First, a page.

“Katelyn.” He spoke her name as no one had ever said before, in a manner both kind and frail. She remained still, eyelids and all. He paused inside himself then, taking this time to center himself, to take a walk around this feeling she spoke of but keeping it at a safe distance, allowing himself to imagine her agony while honoring her feelings. But not sharing, no, never sharing them.
“I was wondering something.” His words fell out of his mouth one at a time, his way of meeting her where she was at, knowing that these initial conversations are always difficult for clients. “I was wondering if you could answer just one more question for me.”
Katelyn Irma’s chin had drifted toward her chest, yet she offered a dawdling nod in response to the doctor’s request.
“Katelyn, tell me . . .”
“Turn the page first.” She said.
“What?” The doctor seemed flustered momentarily as her interruption was followed by her eyes opening and her right finger pointing at his legal pad.
“It will make you feel better if I turn the page?” He asked, flipping to a fresh page on his legal pad then looking at her for several seconds.
“Katelyn, will you tell me about your sister.”
“How do you know about my sister?”
“Everyone knows Kimberly Irma by now. I’m wondering if her death has anything to do with the intense pain you talk about.”
Katelyn Irma moved around in her chair and ran both hands over her ringlets, her eyes darting for a secure place to settle. The doctor thought Katelyn Irma seemed the most distracted she had been during their entire discourse. He sat, looking at her. He noticed a strange combination of feelings within himself: an intense clinical interest in her responses wrapped in an unusual sense of something he could only place as concern, although this last feeling was rather vague to him. As her head rolled back and forth, he doubted himself, something he didn’t often do after 13 years of practicing psychiatric medicine. Maybe he shouldn’t have allowed his questioning to proceed in this direction. He knew of her sister and perhaps for Katelyn Irma it had become a place within her that was sacred. Perhaps he had asked too much.
“Katelyn. I’m willing to listen. All I want to do is understand. I’ll make no comments, I promise.” And he meant it.
Katelyn Irma let her gaze settle on the blue monogrammed name of the doctor stitched across the top of the left breast pocket on his lab coat. When the doctor noticed her eyes fixed and her fingers clutching the edges of the blanket, he understood that sometimes it was easier for clients to recede into a mental cubbyhole in order to feel safe enough to share certain things. He remained silent.
“Kimberly died two years ago yesterday. It shouldn’t have played out the way it did. We were diagnosed only five months apart and . . .”
“Diagnosed. Both of you?” He laid his pen on the legal pad.
“Yes, both of us. Breast cancer.” Two silent tears moved down her face, one at a time. “She was Stage 4 with 17 lymph nodes involved. They removed the tumors, she had three, all of them over five centimeters. By the time she was recovering from surgery, I got diagnosed. And that same week . . .” Her voice strayed; her eyes remained frozen.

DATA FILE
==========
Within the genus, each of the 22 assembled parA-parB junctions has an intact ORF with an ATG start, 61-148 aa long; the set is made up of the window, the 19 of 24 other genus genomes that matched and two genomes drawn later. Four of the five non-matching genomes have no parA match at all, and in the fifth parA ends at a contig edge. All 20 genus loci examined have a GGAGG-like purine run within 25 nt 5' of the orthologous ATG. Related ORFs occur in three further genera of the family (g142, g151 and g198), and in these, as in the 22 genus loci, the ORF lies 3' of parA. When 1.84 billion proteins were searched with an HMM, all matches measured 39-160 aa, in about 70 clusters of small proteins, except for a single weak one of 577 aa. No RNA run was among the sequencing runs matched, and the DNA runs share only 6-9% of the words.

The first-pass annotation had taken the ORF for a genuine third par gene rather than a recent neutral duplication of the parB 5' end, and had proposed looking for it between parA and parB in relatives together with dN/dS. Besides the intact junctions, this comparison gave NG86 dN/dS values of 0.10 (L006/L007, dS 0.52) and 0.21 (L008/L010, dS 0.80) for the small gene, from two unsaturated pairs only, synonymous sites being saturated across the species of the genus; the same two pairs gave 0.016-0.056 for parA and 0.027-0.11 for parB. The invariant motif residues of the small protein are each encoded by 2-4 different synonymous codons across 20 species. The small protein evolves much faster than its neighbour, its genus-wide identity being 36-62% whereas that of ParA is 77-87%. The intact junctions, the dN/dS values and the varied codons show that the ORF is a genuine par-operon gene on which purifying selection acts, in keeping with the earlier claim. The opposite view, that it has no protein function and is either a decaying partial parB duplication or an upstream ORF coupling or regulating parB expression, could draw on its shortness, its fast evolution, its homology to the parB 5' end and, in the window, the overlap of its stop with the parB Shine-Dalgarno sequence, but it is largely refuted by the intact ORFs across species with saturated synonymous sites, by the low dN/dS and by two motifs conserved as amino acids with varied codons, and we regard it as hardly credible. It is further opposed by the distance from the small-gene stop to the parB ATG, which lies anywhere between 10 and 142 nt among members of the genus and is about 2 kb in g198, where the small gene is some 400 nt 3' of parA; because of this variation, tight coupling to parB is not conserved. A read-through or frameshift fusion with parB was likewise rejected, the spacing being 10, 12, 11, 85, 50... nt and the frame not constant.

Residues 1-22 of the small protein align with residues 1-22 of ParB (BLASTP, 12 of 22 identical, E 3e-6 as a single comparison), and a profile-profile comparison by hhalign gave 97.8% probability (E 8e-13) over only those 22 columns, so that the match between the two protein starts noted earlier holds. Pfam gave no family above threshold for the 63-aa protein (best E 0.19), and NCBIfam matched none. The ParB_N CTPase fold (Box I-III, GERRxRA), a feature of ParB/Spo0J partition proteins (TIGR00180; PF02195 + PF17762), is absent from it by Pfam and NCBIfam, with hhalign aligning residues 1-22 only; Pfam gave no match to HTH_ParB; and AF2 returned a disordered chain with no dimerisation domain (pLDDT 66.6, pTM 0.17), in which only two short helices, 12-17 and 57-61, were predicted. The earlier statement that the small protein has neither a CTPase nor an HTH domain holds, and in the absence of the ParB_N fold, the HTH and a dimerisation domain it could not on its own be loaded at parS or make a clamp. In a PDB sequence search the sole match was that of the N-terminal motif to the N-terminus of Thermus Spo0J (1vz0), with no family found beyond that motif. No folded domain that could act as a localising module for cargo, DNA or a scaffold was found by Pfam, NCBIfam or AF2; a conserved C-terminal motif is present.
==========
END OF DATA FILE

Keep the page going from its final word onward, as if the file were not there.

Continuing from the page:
The doctor waited.
“That same week the big announcement swept across America. No it swept around the world . . . the cure for breast cancer had finally been found. We didn’t believe it at first. But eventually Kimberly and I couldn’t help ourselves, we were ecstatic. Kimberly’s oncologist was hopeful for her; he said the new treatment might help her, but said she wasn’t at the top of the treatment list. Something about she had a few more hoops to jump through than I did because she was a Stage 4, because of her history. Something like that. But he didn’t waste any time getting me started on the treatment.
“Dr. Bronwyn. We had the same oncologist. I was a Stage 2 and was cured within two months of my diagnosis, but Kimberly . . . it spread so fast. The cancer was in her ovaries and lungs before she had a chance to try the treatment. Before she had the chance to jump through their hoops.”
“What happened?” The doctor asked.
“It was almost a year after her funeral, that’s when it got crazy . . . the press, the newspapers calling, television and anchor people wanting interviews with me, wanting my comments on Kimberly’s historic death.” She stopped, her mind numb, her body aching again with the unbearable pain that she knew she had failed to make the doctor understand, the pain she had failed to end with her hollow ground blade.
“My sister suddenly famous. I mean, she was dead. How could they be like that, so . . . insensitive? They’d leave messages on my answering machine, Please Ms. Irma, we’d like a comment from you about your sister being honored as the last America woman to die of breast cancer?”
As he watched her, the doctor could see the struggle ripple across her face.
“That’s when the disastrous pain began for you.” The doctor offered in a comprehending tone, allowing nothing more than his perception as understanding.
“You said you wouldn’t comment,” Katelyn Irma reminded him, finally looking up from the blue monogrammed name on his lab coat and meeting his eye. She placed her bandaged arms on the table and leaned into them. “If you could feel the horror of this pain, if you could experience it for even five minutes, you would know how unbearable, how disastrous it truly is. It’s like being destroyed and feeling destroyed all at the same time and there’s nothing you can do to make it stop.”
Katelyn Irma sat back in her chair, “Any sane person with half a brain would rather die than live feeling this way.”
The doctor watched her mouth say the words; Katelyn Irma watched his face take in the words.
He picked up his pen one last time and wrote on his legal pad, Any sane person with half a brain would rather die than live feeling this way. Then he added quotations on both ends.